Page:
So, if you were going to cast someone in a movie to play Jesus, would you go for Gimli or Aragorn? John Rys-Davies or Viggo Mortensen? You’d have to go with Gimli, if you consider Isaiah’s prophecy.
Jesus’ looks notwithstanding, it is an amazing story, the appearance of God in human form. The account in the Gospel of Luke is one of the many examples in the biblical narrative that has a ring of truth and encourages us to believe it. Face it, if you were going to write a fictional account of the birth of the Savior of the world, who would his parents be? And where would he be born? You wouldn’t pick Joseph and Mary, a betrothed couple from Nazareth, he a carpenter and she a peasant girl. You wouldn’t decide to have animals as attendants, and a manger as the bassinet. You just wouldn’t. The one born to be King of kings and Lord of lords would have royal parents, or at least powerful and important ones, and he would be born in the finest house in the land, and be laid on a pillow made of silk, and have dozens of attendants to wait on him and make sure he needed nothing and wouldn’t even have reason to cry. A carpenter and his fiancée? A manger? No way. But friends, please don’t miss the point. Luke didn’t write it this way to make it sound true. He wrote it this way because it IS true.
I like the way Steven Curtis Chapman wrote about Jesus in his song, “This Baby:”
“Well, he cried when he was hungry, and did all the things that babies do; he rocked and he napped on his mother’s lap, and he wiggled and giggled and cooed. There were cheers when he took his first step, and tears when he got his first teeth; almost everything about this little baby seemed as natural as it could be. But this baby made the angels sing, and this baby made a new star shine in the sky, and this baby had come to change the world. This baby was God’s own son, this baby was like no other one, this baby was God with us, this baby was Jesus.”
Joy to the world! The Lord is come.
That is the meaning of Christmas. God sent his son to redeem us and to adopt us. Have you figured up how much you will spend on Christmas gifts this year? There’s an amount, right? You add it up and it may come to the estimated national average per household this year of $830 for Christmas gifts, still climbing out of the hole of 2008 when it dropped to $616. No matter what we spend, we all have to set spending limits, right? I remember our first Christmas when Cindy and I each took a 10-dollar bill, split up at the mall, and went off to find that “perfect” gift for $10 or less for each other. That Christmas was just as happy, just as blessed as all the rest.
God did not have a spending limit for the first Christmas. He spared no expense in creating the star that would be in place above Bethlehem at just the right time. He went all out in having Caesar Augustus plan a census for the whole Roman world to go to the city of their heritage so they could be registered. God did not skimp on birth announcements, either. He sent Gabriel, his best messenger angel to earth more than once. But all of that pales in comparison to what God actually gave the world. God sent forth his Son. His one and only son. Forget Hallmark. God sent the very best.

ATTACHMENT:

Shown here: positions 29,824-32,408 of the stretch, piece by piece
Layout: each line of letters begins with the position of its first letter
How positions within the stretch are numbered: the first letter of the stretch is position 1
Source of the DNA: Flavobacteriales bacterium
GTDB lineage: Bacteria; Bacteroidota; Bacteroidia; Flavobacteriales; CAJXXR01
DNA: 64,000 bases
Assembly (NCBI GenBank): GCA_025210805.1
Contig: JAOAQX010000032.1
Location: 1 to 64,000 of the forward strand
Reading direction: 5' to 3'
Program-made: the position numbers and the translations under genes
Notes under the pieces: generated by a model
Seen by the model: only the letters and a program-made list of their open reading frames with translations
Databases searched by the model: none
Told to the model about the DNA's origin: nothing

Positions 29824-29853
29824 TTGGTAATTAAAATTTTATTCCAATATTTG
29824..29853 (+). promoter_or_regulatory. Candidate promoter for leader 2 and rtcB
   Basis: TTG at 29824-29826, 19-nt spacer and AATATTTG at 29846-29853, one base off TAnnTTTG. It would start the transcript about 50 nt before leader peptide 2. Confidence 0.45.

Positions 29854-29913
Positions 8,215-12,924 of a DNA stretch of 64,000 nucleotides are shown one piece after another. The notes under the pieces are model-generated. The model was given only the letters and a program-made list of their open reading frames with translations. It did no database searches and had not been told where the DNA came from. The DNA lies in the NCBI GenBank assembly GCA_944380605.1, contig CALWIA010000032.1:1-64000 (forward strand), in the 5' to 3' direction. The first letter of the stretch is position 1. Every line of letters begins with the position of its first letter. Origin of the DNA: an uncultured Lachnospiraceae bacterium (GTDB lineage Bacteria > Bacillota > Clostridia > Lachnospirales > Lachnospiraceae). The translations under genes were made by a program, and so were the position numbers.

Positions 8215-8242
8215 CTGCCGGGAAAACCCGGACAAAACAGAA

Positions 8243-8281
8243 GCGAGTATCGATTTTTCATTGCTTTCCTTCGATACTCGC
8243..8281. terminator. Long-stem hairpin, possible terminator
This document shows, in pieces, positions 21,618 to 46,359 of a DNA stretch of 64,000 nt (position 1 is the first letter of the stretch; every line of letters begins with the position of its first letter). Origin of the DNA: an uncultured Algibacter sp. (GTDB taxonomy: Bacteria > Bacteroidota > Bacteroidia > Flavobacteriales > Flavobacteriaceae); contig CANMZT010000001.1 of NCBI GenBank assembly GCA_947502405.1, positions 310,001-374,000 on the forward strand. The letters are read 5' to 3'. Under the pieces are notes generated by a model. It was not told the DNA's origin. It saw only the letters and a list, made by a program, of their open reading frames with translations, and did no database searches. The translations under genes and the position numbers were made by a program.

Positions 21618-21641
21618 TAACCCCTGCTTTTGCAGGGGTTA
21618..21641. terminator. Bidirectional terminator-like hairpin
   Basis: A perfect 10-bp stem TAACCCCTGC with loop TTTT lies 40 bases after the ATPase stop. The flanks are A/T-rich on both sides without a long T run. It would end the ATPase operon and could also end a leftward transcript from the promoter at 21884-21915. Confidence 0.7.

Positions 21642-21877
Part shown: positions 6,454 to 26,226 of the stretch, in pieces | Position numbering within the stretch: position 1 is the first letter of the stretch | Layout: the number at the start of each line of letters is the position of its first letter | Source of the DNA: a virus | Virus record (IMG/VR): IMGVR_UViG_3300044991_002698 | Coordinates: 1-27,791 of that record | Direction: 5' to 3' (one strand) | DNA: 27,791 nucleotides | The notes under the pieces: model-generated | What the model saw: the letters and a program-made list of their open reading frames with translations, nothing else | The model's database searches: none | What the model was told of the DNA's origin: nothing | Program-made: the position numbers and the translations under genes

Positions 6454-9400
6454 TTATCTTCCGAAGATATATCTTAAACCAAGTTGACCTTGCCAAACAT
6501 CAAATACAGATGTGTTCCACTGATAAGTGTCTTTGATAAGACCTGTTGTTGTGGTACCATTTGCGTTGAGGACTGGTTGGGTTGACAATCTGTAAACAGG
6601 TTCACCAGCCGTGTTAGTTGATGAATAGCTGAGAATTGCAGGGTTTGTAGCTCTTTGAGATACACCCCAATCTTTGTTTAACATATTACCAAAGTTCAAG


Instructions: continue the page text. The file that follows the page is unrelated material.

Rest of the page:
Read the rest of Galatians 4 for the incredible news that you can use. You and I were born slaves. Through Jesus’ sacrifice, we are invited into a new relationship as a child of God and a joint heir with Jesus. But there’s a problem, for many who become sons continue to live as slaves, even though they know God and better still, are known BY God. Two weeks ago I sat with my family in the second row at a concert by Steven Curtis Chapman. There were a lot of people there who know Steven, but not personally. We know his music, know his face and know his testimony. I have met him once because I have the same friend named Larry that Steven wrote about in one of his songs. As I sat there that night I thought, how cool would it be if Steven recognized me and said, “Hey, is that you, Mark?” But he didn’t. He didn’t acknowledge me because he doesn’t know me. Shocker. But here’s the biggest shocker of all: GOD does know me. And He knows you, too.
I love the story of the wee little man named Zaccheus who climbed up a tree because he had heard of Jesus and wanted to get a glimpse of him. Imagine his surprise when Jesus called up to him, “Zaccheus, hurry and come down, for I must stay at your house today.” Jesus knew him by name, and more than that, Jesus asked Zaccheus to be a family member and a friend.
That is the meaning of Christmas. It is why we celebrate, and put manger scenes in our homes and churches. It is why we sing “Silent Night” and “Joy to the World,” and give gifts and get together with family and friends. It is because God sent His Son to redeem us, to adopt us, and to give us the greatest gift of all: himself.
One of my favorite memories was the Christmas Eve we heard the front door open, and the distinct sound of something heavy being rolled across the threshold. Grandpa never used a wheelchair so we knew it wasn’t him coming for a midnight visit. And we had no idea why Santa would be bringing gifts through the front door, when we had a perfectly good fireplace in the den. So we just lay there in bed, whispering about what it could possibly be, and daring each other to sneak downstairs to steal a glance. Nobody wanted to risk being seen by Santa, or worse by Dad, so we eventually drifted off to sleep.